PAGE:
Too Sexy, Too Soon

Our world is a one that capitalizes, predominantly, on women’s sexuality. Taking a look at the most commonly used adjectives employed in pop culture, words, such as sexy, hot, and body-hugging, all seem to provide us with a glimpse into this long-existing socially habitual convention.

The word, sexy, in particular, is a controversial one. On one hand, we all know being dubbed sexy is one of the most sought after compliments of the modern time; on the other hand, under a different circumstance, with a change of tone, what was once a compliment can, all of a sudden, become a reprimand.

My mom is a beautiful woman, who has never felt the need to display her sensuality overtly. Although mom has never been the one to flaunt her physical attributes; however, her sensuality usually comes through, subtly, through her way of self-expression. Due to my lack of contact with women and men, who loved to show off their body parts while growing up, I also never have the need, as well as the level of comfort to dress myself in a showy fashion.

Unlike me, there are many others, who are born into a family, where both parents like to celebrate their sexualities and have them displayed openly. Years later, it is just predictable and very likely for these once children of people with free sexual spirit to act out what comes naturally to them in their own family linage and upbringing; all the things that they had observed and learned from their parents once they reach a time in their lives, where they have a say in what they do, how they dress and the way, in which they carry themselves. Unfortunately, as soon as they do so, they instantly become the target of public criticism.  Instead of putting some blame on the parents, the kids’ learned “self-expression” makes them a public disdain and a scandalous subject of public discourse.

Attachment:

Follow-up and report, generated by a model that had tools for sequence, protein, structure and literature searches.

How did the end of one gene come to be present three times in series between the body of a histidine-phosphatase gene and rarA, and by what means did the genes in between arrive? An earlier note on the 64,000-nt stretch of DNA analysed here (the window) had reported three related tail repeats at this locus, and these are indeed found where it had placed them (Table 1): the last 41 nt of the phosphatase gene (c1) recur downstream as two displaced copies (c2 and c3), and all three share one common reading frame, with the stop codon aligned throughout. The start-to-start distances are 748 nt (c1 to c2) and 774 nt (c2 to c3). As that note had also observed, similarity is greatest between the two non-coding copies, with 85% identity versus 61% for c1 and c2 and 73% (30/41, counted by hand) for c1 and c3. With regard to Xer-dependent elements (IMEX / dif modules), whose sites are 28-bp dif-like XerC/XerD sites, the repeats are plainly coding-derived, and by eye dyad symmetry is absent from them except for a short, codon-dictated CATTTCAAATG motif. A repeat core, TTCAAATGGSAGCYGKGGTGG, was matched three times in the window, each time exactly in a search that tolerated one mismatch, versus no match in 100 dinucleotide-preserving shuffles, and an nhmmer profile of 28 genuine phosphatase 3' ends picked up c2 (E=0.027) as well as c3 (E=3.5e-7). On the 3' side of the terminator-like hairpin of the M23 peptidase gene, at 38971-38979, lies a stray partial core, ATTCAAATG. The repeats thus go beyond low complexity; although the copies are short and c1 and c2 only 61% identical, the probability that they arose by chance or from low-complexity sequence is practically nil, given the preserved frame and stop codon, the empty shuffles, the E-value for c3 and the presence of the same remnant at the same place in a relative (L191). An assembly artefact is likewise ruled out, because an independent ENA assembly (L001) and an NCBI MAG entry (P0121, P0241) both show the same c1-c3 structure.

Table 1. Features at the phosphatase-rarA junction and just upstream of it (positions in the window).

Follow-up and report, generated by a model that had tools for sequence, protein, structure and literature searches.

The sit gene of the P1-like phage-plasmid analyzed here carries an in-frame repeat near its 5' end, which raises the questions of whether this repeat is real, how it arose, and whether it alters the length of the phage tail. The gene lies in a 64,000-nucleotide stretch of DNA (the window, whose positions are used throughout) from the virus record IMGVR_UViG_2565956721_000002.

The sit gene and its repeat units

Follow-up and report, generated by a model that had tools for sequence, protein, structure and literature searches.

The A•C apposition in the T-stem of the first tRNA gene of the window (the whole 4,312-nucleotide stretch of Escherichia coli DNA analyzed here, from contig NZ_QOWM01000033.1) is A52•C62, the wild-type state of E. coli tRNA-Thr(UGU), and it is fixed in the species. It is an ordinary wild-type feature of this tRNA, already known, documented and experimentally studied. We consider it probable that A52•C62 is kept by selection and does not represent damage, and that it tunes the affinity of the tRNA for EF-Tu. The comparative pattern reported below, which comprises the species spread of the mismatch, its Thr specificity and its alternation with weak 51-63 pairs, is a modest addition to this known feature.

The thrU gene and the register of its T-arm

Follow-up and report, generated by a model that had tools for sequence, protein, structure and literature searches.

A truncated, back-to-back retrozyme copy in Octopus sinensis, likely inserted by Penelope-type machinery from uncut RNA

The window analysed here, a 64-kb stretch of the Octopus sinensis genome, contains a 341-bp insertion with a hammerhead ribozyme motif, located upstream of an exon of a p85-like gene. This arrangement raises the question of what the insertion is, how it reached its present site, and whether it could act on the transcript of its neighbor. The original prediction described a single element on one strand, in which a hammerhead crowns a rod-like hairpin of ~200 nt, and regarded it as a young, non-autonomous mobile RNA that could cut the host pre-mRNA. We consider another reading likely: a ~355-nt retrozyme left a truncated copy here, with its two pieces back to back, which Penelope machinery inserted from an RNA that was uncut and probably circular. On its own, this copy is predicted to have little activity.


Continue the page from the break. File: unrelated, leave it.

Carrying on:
We all know that, oftentimes, how parents act in the presence of the kids has way bigger impact than all the life lessons that parents try to pass on to their kids through words. As much as we like to reiterate and assert the fact that our bodies are our own; therefore, we can dress how we want, and any suggestion made in regards to our bodies is considered either body-shaming or a form of oppression, I do think that parenthood does necessitate a level of cover-up modesty. Not every body part that we train hard for at the gym needs to be flaunted in bright daylight at all time. If our world chooses to respect and celebrate openly different sexual expressions and individualism, then we should not make a teen, who dresses in a sexually suggestive manner a national headline on the airwaves.


Published by Robbie's Blog

I am a third-culture person who's navigating his way around Hong Kong and beyond. Come join me on this rollercoaster ride.

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